- Writing against the Grain: Biography, History, and the Long Freedom Movements
Several recent biographies extend the critical work of challenging the conventional narrative of the civil rights movement in ways vital to the scholarship of the past two decades. The intellectual work of accounting for the long Black freedom movement has changed the practice of historians and history teaching for some time now, in the writings of Gerald Horne, Nikhil Pal Singh, Penny Von Eschen, Brenda Gayle Plummer, Glenda Gilmore, Cedric Robinson, George Lipsitz, and Robin Kelley, and notably, Jacquelyn Dowd Hall in her 2004 presidential address to the Organization of American Historians.1 But it bears repeating. Even the most famous of these activists—Rosa Parks and Kwame Ture (nee Stokely Carmichael)—remain frozen in time for broader publics, known in the popular imagination for a single act (the Montgomery bus boycott or the call to Black Power, respectively), or for their civil rights work prior to their popularization, but not for their longer years of struggle subsequent to that distinguishing incident. [End Page 935]
These four books decenter the popular conception of the civil rights movement to show the work of ordinary people and collective, sustained struggle (away from the Great Man narrative), of everyday work (away from the spotlighted spectacular events), of women (away from a male-centered history), and of geographic diversity. They extend the freedom movement back in time to the vibrant movements of the 1930s, World War II, and the early Cold War as well as forward to the 1970s and beyond. They also, to varying degrees, bring an international focus to US-based activism or intertwine global and local struggles while also centering, in uneven ways, on intersectional race, class, gender, and sexuality resistance. Finally, these texts uncover the histories of the unknown or less known, or they highlight little-known aspects of the famous. It may seem contradictory to focus on an individual in a review of books focused on the collective, but biographical studies enable us to examine the strengths and struggles of particular activists while using their lives to examine the development of social movements in specific historical and social contexts. Collectively, such studies recover critical knowledge about the possibilities and pitfalls of organized resistance in ways that challenge the desire for linear progress toward justice and demand complex thinking about personal and societal change. Further, as history’s most broadly accessible genre, biographies often do yeoman work in moving historians’ revisionism out to a wider audience.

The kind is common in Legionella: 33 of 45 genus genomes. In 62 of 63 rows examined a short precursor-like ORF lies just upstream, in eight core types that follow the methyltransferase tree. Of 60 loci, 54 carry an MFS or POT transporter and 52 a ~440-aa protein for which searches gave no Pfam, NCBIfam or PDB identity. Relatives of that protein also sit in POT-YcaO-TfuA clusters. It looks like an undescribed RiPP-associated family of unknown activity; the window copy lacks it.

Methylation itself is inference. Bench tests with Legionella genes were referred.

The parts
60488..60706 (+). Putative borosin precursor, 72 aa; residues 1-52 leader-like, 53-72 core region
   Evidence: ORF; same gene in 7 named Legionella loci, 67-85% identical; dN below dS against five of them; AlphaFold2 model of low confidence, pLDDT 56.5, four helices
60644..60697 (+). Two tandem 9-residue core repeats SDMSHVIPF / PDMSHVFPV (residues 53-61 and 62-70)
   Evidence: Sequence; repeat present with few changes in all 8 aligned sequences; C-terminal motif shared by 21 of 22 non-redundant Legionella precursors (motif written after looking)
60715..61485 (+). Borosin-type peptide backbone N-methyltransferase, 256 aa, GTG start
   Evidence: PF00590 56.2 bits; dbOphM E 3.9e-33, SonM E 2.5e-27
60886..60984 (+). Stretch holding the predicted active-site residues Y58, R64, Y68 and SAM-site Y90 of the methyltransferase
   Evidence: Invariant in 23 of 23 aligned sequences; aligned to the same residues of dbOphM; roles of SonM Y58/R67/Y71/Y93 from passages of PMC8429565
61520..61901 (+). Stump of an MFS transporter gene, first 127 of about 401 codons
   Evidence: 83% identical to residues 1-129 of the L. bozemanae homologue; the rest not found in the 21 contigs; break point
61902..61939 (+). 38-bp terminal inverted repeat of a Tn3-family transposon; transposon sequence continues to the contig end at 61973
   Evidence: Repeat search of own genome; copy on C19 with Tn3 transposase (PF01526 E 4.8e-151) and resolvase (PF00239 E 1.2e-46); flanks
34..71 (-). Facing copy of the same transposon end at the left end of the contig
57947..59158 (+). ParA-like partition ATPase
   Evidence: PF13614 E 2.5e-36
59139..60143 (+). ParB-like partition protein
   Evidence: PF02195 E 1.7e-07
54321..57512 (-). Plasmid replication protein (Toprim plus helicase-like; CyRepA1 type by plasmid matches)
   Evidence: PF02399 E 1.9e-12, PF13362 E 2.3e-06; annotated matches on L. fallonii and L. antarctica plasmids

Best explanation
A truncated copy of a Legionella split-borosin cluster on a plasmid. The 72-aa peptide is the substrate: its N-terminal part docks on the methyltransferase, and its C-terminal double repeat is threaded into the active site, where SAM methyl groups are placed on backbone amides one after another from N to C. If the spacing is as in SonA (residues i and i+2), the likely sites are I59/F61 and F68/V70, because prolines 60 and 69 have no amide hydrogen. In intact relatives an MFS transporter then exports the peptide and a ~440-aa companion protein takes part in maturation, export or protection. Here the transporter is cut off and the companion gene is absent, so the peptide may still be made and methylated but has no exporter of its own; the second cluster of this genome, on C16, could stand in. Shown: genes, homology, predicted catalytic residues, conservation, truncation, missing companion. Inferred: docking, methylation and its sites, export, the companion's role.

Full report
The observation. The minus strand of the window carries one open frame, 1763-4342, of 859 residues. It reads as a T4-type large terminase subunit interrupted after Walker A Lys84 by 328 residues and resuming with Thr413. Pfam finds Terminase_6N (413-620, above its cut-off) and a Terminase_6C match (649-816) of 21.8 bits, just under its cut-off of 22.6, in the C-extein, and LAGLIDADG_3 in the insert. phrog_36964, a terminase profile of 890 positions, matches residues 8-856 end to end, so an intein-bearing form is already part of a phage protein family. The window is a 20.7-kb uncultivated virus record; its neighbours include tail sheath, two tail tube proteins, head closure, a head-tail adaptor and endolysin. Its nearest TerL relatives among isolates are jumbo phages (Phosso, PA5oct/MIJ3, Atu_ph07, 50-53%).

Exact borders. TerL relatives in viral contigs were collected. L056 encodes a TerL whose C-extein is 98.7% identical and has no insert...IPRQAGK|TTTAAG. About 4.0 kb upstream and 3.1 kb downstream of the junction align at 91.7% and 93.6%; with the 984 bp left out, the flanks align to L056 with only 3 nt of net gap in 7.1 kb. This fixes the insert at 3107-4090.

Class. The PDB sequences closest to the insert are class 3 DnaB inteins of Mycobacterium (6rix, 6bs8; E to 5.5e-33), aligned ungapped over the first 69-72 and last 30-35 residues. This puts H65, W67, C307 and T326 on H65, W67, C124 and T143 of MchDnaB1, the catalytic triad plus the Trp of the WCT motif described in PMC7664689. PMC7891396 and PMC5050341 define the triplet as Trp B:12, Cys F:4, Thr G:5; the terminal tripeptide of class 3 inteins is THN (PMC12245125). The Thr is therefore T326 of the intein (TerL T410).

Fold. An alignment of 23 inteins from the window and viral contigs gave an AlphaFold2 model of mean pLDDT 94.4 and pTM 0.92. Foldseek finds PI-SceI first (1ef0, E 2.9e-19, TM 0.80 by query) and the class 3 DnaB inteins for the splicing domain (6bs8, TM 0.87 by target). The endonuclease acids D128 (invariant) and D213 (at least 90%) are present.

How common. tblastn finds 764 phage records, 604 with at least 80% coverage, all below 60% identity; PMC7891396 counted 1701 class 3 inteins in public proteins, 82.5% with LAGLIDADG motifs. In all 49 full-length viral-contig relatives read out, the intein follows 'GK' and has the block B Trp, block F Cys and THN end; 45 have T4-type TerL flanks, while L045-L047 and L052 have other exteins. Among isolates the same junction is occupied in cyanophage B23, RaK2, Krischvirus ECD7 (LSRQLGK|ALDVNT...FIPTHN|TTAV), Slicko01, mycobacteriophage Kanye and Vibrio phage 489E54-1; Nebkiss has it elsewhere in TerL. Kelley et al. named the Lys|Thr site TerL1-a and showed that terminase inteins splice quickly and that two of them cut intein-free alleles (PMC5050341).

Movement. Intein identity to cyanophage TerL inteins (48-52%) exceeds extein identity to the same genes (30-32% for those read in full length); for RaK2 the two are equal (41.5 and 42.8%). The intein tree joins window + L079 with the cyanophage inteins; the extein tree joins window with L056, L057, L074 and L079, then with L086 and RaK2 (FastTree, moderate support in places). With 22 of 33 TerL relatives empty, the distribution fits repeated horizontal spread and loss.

Jeanne Theoharis’s The Rebellious Life of Mrs. Rosa Parks recounts the life of a woman made famous for initiating the Montgomery bus boycott and thereby launching the civil rights movement, or so the conventional narrative goes. The extensively researched biography is framed by Theoharis’s earlier writings that center the local, women, and civil rights activism outside the South to help create a historiography of the “long” Black freedom movement.2 Her most compelling argument insists on reframing “the mother of the movement” away from the dominant image of a “sacrificing mother figure” defined by “one solitary act” (ix) on a bus in 1955 to present a fuller, more complicated and contradictory history, or herstory, of a decades-long commitment to activism that occurred in the South and North and that intertwined civil rights and Black Power philosophies. This common representation of Rosa Parks as “quiet,” “dignified,” and “never angry” reproduces inaccurate notions of gendered participation in social movements (viii–ix). Theoharis’s biography problematizes the framing of Parks as an accidental “midwife—not a leader or thinker or long-time activist,” yet Parks...